NEW YORK (Reuters) - Creative Artists Agency, the largest talent representation firm in Hollywood, is considering opening an office in Silicon Valley to expand ties with the technology community, according to two people familiar with the firm’s plans.
CAA, whose client roster includes Brad Pitt, Oprah Winfrey and Peyton Manning, wants an “on the ground presence” in Palo Alto, these sources said. An outpost in Silicon Valley would help ease the travel load of CAA agents, some of whom already shuttle between Los Angeles and Palo Alto, California, three or four times a week.
Currently, the agency’s business in Silicon Valley is divided into three: advising tech companies about Hollywood, partnering with venture capital firms to incubate start-ups and matching clients who have digital media ideas with companies that can help bring them to fruition.
Having regular contact with tech executives will also give CAA the opportunity to sign them up for representation on the speaking circuit and other endeavors outside of technology, both sources said.
The agency already represents Twitter co-founder Biz Stone, former Facebook executive Randi Zuckerberg -- the sister of Facebook Chief Executive Officer Mark Zuckerberg -- and other tech executives through its CAA Speakers division.
The plans under consideration by CAA underscore the idea that software developers and computer engineers are the new creative community and tech executives -- not media moguls -- are the rock stars of the business world.
A representative for CAA declined comment. One of the sources said CAA is extremely methodical about its business plans and is likely to “proceed very slowly” with any proposal to set up its own shingle in Silicon Valley.
“They aren’t going to put up a big building with signage on it and dispatch a dozen agents to the Valley,” this source said. “It’ll be much more of a subtle presence.”
Hollywood’s talent agencies started circling around Silicon Valley in the late 1990s, but were scared off after the dotcom bubble burst in 2000. Over the last few years, however, they have resumed efforts to diversify their client base and create new revenue opportunities.
But David Siminoff, a former partner with venture capital firm Venrock Ventures, said culture clashes often make it hard for Hollywood and Silicon Valley to work together.
Technology types tend not to pay much attention to movies and television shows, and the relatively paltry sum of studio revenues compared with those of hi-tech giants such as Apple Inc mean they do not take Hollywood seriously, Siminoff said.
On the Hollywood side, the appetite for risk when it comes to tech investments is too low and the ongoing threat of disruption to an already eroding business model too great.
“Most old media guys are afraid of technology,” Siminoff told Reuters.
Siminoff has first-hand experience with this dynamic. While at Venrock, he was instrumental in setting up an incubator fund with talent agency William Morris Endeavor, venture capital firm Accel Partners, and AT&T Inc. Known as the Mail Room Fund, it had between $30 million and $50 million under management, but only invested around $5 million of that in three companies before shutting down in April.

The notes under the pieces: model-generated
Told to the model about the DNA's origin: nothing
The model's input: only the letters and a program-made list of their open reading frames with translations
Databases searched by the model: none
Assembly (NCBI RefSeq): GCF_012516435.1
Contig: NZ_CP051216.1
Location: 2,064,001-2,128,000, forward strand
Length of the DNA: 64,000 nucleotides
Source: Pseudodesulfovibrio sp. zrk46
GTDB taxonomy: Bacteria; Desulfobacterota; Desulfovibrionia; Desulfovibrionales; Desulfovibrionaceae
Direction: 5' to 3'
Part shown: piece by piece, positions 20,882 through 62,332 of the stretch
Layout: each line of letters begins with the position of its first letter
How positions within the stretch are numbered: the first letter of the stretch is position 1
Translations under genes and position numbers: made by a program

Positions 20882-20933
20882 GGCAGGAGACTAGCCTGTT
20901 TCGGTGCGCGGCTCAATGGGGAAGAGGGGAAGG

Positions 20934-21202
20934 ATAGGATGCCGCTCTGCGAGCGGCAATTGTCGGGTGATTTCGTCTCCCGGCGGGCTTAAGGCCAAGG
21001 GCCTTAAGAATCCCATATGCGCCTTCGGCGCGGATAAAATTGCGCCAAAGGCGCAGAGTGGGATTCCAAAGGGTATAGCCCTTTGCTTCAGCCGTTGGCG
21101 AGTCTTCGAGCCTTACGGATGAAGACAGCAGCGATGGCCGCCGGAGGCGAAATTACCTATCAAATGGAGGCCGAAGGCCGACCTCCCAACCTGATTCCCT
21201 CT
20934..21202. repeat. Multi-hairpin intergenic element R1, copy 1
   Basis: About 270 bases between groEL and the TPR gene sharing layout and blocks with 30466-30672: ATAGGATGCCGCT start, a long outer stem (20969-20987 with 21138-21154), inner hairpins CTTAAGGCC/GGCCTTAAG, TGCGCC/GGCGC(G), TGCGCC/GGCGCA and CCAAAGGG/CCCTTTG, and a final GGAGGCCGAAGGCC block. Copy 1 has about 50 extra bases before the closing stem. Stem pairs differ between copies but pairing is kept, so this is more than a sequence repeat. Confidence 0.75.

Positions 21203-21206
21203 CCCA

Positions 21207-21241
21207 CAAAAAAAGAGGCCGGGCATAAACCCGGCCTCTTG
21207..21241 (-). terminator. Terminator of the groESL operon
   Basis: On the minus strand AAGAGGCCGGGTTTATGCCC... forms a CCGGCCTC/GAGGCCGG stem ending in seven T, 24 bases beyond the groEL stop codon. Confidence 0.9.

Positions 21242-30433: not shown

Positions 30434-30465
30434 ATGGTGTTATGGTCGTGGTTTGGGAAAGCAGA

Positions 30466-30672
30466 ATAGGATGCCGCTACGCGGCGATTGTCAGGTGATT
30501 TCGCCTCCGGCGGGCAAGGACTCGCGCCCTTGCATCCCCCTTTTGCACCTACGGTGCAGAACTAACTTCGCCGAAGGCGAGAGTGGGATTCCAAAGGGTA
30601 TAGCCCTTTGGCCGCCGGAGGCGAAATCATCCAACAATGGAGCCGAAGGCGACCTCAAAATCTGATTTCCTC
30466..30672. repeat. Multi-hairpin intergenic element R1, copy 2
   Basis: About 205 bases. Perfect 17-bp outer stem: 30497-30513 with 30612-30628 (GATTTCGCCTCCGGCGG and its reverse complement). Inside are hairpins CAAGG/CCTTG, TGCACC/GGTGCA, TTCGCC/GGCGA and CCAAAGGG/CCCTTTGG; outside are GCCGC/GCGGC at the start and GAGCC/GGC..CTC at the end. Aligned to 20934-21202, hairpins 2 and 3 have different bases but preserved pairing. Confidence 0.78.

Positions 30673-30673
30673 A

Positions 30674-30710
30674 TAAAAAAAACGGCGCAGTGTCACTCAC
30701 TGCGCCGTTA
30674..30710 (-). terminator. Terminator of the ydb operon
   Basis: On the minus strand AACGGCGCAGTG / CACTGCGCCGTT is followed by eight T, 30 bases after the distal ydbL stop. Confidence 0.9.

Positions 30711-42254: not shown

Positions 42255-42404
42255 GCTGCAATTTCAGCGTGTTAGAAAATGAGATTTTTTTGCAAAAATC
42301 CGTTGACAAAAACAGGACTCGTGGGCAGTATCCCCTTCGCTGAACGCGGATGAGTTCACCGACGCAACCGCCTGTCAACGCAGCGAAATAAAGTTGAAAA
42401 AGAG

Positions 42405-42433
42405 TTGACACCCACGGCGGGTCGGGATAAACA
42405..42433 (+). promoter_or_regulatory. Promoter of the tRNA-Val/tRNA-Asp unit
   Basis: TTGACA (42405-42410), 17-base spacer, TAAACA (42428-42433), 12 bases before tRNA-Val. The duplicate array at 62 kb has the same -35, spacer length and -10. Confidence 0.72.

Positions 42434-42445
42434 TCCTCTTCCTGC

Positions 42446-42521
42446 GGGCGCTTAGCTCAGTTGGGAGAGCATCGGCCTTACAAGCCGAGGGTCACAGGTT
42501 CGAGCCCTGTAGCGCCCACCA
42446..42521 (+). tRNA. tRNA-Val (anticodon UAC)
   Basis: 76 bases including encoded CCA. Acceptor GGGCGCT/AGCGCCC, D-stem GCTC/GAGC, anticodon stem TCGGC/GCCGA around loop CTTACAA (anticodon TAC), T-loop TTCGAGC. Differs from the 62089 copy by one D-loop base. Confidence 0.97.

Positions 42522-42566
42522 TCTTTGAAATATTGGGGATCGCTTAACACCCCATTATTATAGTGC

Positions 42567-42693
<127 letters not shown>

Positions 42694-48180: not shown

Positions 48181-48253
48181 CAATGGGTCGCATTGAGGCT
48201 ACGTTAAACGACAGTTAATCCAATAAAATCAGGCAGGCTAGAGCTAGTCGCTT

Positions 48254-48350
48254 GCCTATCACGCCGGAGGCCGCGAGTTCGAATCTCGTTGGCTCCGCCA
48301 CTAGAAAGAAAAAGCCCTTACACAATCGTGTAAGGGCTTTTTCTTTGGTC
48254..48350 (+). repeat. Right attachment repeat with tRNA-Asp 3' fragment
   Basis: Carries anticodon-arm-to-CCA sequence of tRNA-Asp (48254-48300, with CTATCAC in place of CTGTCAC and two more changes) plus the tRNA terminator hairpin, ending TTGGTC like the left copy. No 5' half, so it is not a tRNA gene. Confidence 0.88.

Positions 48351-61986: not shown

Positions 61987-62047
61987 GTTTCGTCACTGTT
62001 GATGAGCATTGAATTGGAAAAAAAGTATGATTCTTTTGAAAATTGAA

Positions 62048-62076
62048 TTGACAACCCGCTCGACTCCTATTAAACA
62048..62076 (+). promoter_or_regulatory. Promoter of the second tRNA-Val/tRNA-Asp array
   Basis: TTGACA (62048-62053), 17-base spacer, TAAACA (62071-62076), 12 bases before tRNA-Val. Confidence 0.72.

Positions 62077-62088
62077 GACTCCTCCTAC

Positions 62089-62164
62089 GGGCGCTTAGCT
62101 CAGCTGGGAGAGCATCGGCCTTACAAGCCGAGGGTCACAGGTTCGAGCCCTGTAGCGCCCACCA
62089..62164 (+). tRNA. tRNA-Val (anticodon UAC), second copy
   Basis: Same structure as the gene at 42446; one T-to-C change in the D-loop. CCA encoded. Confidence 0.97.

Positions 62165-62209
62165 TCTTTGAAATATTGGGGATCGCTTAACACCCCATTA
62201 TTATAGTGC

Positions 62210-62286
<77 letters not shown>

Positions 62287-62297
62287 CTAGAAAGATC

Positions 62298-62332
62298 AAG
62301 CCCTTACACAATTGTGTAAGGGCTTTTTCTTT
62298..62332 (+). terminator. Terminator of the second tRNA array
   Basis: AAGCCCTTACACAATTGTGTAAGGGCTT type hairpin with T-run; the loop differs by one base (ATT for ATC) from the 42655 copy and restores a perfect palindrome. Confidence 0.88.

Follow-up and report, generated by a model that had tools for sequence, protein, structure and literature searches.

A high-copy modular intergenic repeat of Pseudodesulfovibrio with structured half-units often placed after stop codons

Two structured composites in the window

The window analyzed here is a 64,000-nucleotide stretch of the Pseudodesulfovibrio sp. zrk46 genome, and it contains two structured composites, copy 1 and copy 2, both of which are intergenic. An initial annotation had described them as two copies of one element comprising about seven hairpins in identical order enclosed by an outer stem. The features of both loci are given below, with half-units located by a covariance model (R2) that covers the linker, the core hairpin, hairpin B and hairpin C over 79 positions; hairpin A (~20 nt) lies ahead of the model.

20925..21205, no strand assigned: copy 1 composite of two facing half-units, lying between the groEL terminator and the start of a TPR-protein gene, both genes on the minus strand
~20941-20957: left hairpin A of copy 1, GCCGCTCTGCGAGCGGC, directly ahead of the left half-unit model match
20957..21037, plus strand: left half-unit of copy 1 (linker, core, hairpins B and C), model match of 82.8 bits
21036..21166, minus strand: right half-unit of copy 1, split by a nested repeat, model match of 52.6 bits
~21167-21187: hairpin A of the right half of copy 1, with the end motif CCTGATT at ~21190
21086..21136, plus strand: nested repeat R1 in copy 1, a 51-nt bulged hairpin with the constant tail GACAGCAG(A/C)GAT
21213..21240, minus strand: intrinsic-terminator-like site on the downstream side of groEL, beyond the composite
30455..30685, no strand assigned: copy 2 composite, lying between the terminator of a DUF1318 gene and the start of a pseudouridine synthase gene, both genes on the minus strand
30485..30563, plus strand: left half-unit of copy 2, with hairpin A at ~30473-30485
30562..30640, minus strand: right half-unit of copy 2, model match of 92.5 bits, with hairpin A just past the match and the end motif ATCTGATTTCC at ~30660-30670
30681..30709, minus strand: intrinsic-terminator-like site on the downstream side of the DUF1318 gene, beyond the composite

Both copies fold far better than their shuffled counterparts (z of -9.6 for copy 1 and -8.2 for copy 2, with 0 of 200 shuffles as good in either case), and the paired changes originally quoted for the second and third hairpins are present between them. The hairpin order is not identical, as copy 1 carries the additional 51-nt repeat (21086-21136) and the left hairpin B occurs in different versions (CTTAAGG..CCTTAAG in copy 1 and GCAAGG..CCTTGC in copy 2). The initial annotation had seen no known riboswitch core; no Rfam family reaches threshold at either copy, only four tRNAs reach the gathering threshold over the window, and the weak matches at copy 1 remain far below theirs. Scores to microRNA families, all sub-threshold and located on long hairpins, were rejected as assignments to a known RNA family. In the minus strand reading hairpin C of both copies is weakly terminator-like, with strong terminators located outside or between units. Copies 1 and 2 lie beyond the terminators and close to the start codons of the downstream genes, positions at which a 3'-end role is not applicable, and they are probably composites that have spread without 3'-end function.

Similarly, United Talent Agency helped incubate online video site 60Frames, but that wound down in 2009 after two years of operation because of a lack of funding.
CAA has experienced its own blips as well. In 2007, the agency was in preliminary talks to raise a $150 million to $200 million fund for start-up investments with venture capital firm Draper Fisher Jurvetson that ultimately broke down.
That same year, CAA teamed up with Internet television service Joost, tapping relationships with movie studios, television networks and record labels to supply programing. That website never gained traction against Google Inc’s YouTube and was shut down less than two years after its launch.
CAA now holds equity stakes in several digital media companies, including Will Ferrell’s comedy site Funnyordie.com; Encore Career Institute, which offers extended education through online courses for baby-boomers; and a social media site for celebrities called Whosay.
The agency is not expected to set up an incubator fund or raise new money for Silicon Valley investments, said one of the sources. Instead, CAA plans to continue its strategy of investing directly in start-ups with venture capital firms.
The agency is likely to follow the model it established with wireless chip maker Qualcomm Inc. The two companies are partners on a venture called Creative Mobile Labs, which marries ideas for mobile apps from CAA’s talent roster with Qualcomm engineers who can build the apps.
Technology companies are cultivating their own relationships with Hollywood outside the talent agencies as well. Last November, Twitter recruited former CAA executive Omid Ashtari to be its “L.A. person” as he told AllThingsD.com. Twitter told the blog that Ashtari will be charged with “entertainment business development.”
Additional reporting by Sarah McBride; editing by Gerald E. McCormick and Andre Grenon